Worldwide tests of PrecisionAb Antibodies, performed in a range of laboratory environments, indicate Bio-Rad may finally restore scientists’ faith in antibody reliability. Beta testers reported that PrecisionAb antibodies typically exhibited greater specificity and sensitivity than the products they normally use. As a beta tester for Bio-Rad’s new PrecisionAb Antibody catalog, Verma reported that all three antibodies he tested worked effectively in low concentrations, which increased the value of the product.
PrecisionAb Antibodies also offer numerous benefits for optimizing protocols and validating antibody specificity in a researcher’s sample, benefits unmatched by other antibody products. These include:
- Trial sizes for all targets — enables researchers to test the antibody and optimize experimental conditions without a large upfront investment
- Complete validation protocol — streamlines optimization and validation, saving time and reagents and delivering top results
- Positive control lysates — provides researchers confidence in their data by simplifying validation of antibody specificity and troubleshooting of western blotting results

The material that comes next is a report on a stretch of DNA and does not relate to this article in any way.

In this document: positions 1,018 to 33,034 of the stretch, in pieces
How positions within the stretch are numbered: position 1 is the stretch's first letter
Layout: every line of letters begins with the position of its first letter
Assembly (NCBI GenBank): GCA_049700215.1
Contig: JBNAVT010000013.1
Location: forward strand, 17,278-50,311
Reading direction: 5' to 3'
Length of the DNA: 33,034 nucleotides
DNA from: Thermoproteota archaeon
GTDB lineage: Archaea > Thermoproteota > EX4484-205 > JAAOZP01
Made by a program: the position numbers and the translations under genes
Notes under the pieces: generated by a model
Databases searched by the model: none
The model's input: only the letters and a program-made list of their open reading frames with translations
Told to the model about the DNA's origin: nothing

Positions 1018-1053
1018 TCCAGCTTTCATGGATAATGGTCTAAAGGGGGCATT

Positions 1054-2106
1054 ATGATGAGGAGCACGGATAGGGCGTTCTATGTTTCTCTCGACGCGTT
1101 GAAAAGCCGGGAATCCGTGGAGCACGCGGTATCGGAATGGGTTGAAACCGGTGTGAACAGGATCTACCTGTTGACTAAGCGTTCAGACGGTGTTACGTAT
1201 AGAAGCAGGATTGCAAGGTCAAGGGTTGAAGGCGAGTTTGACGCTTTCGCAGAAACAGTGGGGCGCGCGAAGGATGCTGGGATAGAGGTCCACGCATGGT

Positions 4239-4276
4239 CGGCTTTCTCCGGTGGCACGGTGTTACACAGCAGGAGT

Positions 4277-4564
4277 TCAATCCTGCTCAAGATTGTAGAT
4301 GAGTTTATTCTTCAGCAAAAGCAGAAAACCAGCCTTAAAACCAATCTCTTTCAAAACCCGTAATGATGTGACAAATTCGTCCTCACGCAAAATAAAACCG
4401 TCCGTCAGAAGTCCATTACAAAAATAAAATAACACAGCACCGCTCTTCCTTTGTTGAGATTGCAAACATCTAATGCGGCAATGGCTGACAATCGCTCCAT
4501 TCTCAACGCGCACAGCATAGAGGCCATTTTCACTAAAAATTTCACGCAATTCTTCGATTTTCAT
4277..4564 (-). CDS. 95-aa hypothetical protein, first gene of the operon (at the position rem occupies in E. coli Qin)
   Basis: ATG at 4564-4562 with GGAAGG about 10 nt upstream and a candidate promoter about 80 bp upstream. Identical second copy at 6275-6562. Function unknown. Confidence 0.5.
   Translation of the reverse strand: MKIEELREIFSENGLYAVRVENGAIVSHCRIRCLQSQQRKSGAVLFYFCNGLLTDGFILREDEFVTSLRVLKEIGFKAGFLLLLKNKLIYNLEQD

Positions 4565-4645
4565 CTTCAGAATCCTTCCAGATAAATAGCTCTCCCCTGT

To learn more about Bio-Rad’s PrecisionAb Antibodies, visit http://www.bio-rad.com/PrecisionAbs
Check out some tips for choosing the right antibody for your westernblotting experiments.
Brown WM, et al. (2007). Erythropoietin receptor expression in non-small cell lung carcinoma: a question of antibody specificity. Stem Cells 25, 714–722. http://www.ncbi.nlm.nih.gov/pubmed/17110616, accessed 7/29-15.
Elliott S, et al. (2006). Anti-Epo receptor antibodies do not predict Epo receptor expression. Blood 107, 3,454. http://www.ncbi.nlm.nih.gov/pubmed/16249375, accessed 7/29/15.
Elliott S, et al. (2012). Lack of expression and function of erythropoietin receptors in the kidney. Nephrol Dial Transplant 27, 2,733–2,745. http://www.ncbi.nlm.nih.gov/pubmed/22167585, accessed 7/29/15.
Endre ZH, et al. (2010). Early intervention with erythropoietin does not affect the outcome of acute kidney injury (the EARLYARF trial). Kidney Int 77, 1,020–1,030. http://www.ncbi.nlm.nih.gov/pubmed/20164823, accessed 7/29/15.
Endre Z (2014). Acute kidney failure study tests early diagnosis and intervention. Press release from the Health Research Council of New Zealand. http://www.hrc.govt.nz/sites/default/files/HRC102%20Endre.pdf, accessed 7/19/15.
Kirkeby A, et al. (2007). Functional and immunochemical characterisation of different antibodies against the erythropoietin receptor. J Neurosci Methods 164, 50–58. http://www.ncbi.nlm.nih.gov/pubmed/17524492, accessed 7/19/15.
Patterson SD, et al. (2015). Functional EpoR pathway utilization is not detected in primary tumor cells isolated from human breast, non-small cell lung, colorectal, and ovarian tumor tissues. PLoS One 10, e0122149. http://www.ncbi.nlm.nih.gov/pubmed/25807104, accessed 7/29/15.